Fishing for Australian Bass in the winter is great fun. Pair a big bass with crisp, cold nights with clear skies, camp oven cookouts around the campfire, and you’re all set for your winter adventure. Impoundments in Queensland’s southeastern reaches, as well as in other dams around the country can make for a great spot and fun day on the water during the winter months. So, that’s where you should be if you want to target Australian bass in the winter.

One of the many reasons why Australian Bass fishing is common in winter is because the female bass can grow to trophy-sized proportions. It can reach around 50 cm in length and increase dramatically in bulk. That’s because, during the winter, female Australian Bass fatten up and produce roe during their seasonal breeding rituals. So, it’s only natural that anglers love to chase them during that time (imagine the meal you can prepare with that). So, let’s take a look at some of the effective techniques to catch Australian bass during the winter months.


The Australian Bass will eat pretty much any lure or bait. Insects, crayfish, bloodworms and flies, you name it. So, any natural bait it can get its mouth around is a good option. Another option is to troll using baitcasters and spinning tackle with mid to deep-diving tackle and then concentrate on weed beds and rocky shorelines.

The Australian Bass is pretty territorial, so it’s recommended to use bass fishing techniques that appeal to the Bass’ instinct to protect their territory. That’s why most anglers prefer using spinners, crankbaits, spoons and a variety of lure presentations like blade lures, soft plastics and ChatterBaits.


The Australian Bass dislikes direct sunlight and prefers areas where there’s ample cover. If you’re not sure where they’re located or if they’re deep, you can use a sonar device to locate the fish. You can find large schools of Bass working the areas around the thermoclines in a dam during the colder months.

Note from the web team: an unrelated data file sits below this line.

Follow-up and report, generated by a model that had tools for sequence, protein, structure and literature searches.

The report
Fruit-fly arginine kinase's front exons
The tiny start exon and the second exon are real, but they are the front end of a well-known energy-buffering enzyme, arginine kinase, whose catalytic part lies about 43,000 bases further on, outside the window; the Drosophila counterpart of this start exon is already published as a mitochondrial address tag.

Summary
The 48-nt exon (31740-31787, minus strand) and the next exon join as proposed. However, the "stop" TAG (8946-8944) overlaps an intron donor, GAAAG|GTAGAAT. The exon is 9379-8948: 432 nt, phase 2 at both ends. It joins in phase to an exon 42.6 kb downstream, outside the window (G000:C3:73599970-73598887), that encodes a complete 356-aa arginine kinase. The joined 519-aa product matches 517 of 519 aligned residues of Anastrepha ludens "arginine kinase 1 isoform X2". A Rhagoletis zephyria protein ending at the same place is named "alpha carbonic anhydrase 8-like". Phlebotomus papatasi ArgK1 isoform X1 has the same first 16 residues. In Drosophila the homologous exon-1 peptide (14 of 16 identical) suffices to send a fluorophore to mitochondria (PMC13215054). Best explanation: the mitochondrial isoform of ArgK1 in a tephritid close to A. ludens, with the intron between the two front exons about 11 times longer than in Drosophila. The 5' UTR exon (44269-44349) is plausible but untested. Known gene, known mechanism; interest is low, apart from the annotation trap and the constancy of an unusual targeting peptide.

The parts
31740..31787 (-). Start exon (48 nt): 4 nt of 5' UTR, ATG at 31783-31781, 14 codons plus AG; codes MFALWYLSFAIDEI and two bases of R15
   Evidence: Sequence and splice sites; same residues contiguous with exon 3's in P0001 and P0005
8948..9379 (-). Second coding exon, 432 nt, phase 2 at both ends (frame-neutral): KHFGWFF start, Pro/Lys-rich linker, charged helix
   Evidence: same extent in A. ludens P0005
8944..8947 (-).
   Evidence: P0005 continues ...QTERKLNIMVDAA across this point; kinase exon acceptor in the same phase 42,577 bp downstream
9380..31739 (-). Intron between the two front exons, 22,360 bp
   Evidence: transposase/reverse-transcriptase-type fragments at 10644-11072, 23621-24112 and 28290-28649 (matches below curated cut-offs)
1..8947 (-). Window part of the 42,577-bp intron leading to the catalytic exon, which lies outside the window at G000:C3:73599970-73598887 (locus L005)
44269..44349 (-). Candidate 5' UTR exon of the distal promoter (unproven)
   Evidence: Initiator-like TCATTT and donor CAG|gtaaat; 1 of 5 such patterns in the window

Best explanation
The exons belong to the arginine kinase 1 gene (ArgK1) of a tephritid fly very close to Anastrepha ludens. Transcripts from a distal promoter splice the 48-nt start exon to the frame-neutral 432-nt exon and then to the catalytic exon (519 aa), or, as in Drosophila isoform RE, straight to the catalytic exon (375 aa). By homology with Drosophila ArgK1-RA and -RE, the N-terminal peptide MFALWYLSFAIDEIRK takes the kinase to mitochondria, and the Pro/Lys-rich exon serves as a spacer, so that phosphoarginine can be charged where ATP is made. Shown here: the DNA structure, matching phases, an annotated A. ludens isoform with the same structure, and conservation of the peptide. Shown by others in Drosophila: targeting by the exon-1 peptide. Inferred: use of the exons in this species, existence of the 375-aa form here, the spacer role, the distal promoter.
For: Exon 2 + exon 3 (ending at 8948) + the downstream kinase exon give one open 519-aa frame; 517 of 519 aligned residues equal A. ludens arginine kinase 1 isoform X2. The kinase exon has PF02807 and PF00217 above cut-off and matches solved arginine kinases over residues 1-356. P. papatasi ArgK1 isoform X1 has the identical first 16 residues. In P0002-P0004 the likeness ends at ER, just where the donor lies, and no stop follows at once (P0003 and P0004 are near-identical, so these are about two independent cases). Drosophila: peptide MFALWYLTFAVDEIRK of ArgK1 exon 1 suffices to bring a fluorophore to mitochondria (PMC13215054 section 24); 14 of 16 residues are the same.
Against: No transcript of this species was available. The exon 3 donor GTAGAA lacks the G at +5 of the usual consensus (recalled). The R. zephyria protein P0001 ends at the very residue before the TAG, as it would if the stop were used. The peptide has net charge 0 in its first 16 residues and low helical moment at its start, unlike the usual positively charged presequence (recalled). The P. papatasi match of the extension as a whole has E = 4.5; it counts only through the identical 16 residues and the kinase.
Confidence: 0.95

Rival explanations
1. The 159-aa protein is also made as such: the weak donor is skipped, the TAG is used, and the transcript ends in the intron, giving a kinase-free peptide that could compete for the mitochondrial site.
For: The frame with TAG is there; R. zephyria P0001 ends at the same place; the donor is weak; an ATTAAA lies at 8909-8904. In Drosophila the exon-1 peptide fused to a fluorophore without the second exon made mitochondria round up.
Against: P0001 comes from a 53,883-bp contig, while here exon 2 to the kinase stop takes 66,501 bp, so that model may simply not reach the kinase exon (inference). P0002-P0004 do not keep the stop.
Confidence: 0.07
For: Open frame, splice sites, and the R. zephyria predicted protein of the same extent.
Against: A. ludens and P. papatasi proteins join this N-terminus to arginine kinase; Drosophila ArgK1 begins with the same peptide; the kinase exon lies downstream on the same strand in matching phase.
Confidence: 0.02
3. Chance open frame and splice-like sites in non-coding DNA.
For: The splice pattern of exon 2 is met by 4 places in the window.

If you’re not familiar, the thermocline is a distinct water level in a dam where the water suddenly cools. It becomes more distinct in the winter because there is minimal water movement. Note that the bass often feeds just above the thermocline in winter. Australian Bass is relatively common in places like Somerset and Wivenhoe Dams.


When fishing for Bass, focus on the shallow sections. Look for shallower arms coming off the main basin or smaller bays and edges. Water can often be as little as 0.5-2 metres deep, and your approach must be silent with a considerable amount of stealth. You don’t want to charge into an area using your outboard and create a large wake. A slow and quiet approach with your electric motor is recommended.

If you’re in a small bay, you’ll often find very shallow water, and within these areas, you can catch Bass almost anywhere provided that the bottom has vegetation. The point is that you can cast both the edges and everywhere else in between where depth and vegetation are favourable.


During times of active feeding like low light, rain and wind, bass will generally move shallower and away from cover. In high atmospheric pressure or very calm conditions, however, the bass moves deeper and hold tighter to cover. This information is necessary to know where the Bass is.

Also, deciding what colour lure to use is essential. The lure colour choice can be very critical for bass fishing as it will depend on water clarity and light penetration. If you’re catching bass using a particular colour for a period of time, and the fish suddenly stops biting, chances are, there’s a change in the water clarity or light penetration which may have affected the fishes’ ability to see that particular colour. So, make sure to adjust accordingly.

I hope this article can help you fish Australian Bass better during the winter. The fun isn’t just about the fishing, but it’s also about getting in and exploring the different water systems in your area. Take in some fresh air and enjoy the beautiful scenery. But of course, it’ll be ace if you can return home with a bass or a bunch of bass at hand. Good luck!


Do you have any tips you can add to this article? Share your thoughts below.

Jackson Williams

Jackson Williams has been fishing around Australia for 20 years and loves his home region of far north Queensland.